Aides to Healey said Monday the right-to-shelter law was established under different circumstances four decades ago, and noted the law is “subject to appropriation” — in other words, whether the Legislature provides the necessary funding.
As of Monday, the number of families in the state’s shelter system had topped 7,000, with nearly half of them — 3,270 families in all — staying in state-subsidized hotels or motels.
In all, there are currently about 23,000 people in the state’s shelter system, the equivalent of a “small city” spread across 90 communities, said Lieutenant Governor Kim Driscoll. About half of those in the emergency shelter system are newly arrived immigrants, Healey said.
“We can’t secure endless sites,” said Danielle Ferrier, chief executive of Heading Home, which contracts with the state to provide roughly 350 family shelter units in the Boston and Lawrence areas. “They just don’t exist in the state.”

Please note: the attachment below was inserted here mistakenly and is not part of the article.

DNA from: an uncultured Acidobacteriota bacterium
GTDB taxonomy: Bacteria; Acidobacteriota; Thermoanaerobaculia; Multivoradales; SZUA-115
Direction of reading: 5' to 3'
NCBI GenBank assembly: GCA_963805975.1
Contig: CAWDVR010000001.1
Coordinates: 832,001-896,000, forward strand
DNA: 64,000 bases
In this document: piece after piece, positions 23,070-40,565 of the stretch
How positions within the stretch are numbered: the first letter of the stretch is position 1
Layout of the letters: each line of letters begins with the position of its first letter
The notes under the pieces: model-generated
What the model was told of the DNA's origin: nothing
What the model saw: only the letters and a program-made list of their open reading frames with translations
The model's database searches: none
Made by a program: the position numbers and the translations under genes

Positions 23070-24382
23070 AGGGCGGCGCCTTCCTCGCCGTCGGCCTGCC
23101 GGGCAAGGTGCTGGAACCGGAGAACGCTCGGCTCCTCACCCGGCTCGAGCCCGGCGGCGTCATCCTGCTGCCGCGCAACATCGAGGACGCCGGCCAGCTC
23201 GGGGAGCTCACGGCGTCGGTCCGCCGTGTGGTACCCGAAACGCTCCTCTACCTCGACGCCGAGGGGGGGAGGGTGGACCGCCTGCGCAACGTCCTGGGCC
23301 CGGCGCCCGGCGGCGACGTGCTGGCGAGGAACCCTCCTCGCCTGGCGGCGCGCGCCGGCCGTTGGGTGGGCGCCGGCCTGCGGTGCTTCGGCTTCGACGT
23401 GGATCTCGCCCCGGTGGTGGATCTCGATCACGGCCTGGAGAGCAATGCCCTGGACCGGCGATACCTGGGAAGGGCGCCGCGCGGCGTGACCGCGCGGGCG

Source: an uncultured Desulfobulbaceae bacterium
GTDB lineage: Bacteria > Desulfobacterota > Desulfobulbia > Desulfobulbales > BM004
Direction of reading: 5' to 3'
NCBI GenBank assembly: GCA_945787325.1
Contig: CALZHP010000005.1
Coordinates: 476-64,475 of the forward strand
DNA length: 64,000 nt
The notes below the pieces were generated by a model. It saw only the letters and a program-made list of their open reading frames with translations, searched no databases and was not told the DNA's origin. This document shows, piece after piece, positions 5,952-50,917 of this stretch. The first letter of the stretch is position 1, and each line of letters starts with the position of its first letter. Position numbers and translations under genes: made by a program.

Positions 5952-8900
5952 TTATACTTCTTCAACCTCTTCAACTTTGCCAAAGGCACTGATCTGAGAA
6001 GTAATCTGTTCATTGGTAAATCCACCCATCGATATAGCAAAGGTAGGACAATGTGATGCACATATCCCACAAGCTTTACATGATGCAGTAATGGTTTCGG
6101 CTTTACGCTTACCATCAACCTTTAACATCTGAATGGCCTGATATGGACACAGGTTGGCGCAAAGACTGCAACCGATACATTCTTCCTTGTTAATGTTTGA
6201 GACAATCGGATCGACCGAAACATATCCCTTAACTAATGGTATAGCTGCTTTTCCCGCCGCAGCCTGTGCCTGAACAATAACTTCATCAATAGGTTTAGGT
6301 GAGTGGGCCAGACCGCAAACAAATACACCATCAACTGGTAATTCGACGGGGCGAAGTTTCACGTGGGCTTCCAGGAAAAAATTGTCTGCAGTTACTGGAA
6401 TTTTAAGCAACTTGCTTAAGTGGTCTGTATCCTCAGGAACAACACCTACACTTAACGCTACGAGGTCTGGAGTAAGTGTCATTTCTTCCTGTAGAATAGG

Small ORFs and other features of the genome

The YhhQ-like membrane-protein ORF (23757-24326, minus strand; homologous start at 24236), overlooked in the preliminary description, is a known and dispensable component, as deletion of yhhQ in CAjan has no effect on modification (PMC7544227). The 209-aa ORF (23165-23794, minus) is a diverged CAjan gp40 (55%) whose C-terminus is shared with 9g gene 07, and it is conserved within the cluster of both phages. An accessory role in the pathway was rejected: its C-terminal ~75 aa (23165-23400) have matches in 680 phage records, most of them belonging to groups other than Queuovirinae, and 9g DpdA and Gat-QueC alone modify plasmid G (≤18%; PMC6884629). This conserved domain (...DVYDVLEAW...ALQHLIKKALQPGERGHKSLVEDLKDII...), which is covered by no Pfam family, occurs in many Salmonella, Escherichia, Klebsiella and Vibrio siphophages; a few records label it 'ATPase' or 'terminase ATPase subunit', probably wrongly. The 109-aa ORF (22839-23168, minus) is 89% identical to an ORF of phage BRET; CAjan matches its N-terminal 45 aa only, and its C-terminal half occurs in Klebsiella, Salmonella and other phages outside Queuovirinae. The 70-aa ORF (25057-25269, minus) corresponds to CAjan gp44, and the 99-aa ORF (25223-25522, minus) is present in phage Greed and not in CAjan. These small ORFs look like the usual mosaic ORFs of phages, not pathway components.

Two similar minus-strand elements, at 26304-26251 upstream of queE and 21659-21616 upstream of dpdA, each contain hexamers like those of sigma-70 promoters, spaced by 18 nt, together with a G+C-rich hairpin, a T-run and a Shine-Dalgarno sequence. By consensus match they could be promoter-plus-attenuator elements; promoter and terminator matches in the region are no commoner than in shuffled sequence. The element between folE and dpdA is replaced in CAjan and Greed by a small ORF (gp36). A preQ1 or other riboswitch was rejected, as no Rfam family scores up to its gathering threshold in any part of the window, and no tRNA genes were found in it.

The complex crisis has drawn in a web of state officials, from Healey’s health and human services office, her newly created housing secretariat, and the National Guard in addition to an array of nonprofit and advocacy groups. In Rice, the state will now have a dedicated director, something advocates, nonprofit leaders, and others have pressed the state to adopt for months.
Healey declared a state of emergency in August and, weeks later, said she would activate up to 250 members of the National Guard to help families living in hotels that don’t have a contracted service provider, typically a nonprofit, to help families access medical care, find transportation, or organize food deliveries.
She also sent the Legislature a proposal to infuse $250 million into the shelter system. It’s a significant sum, given Healey signed a budget in August that dedicated roughly $325 million to the state’s emergency assistance and shelter system for the entire fiscal year. The Legislature has yet to act on the request.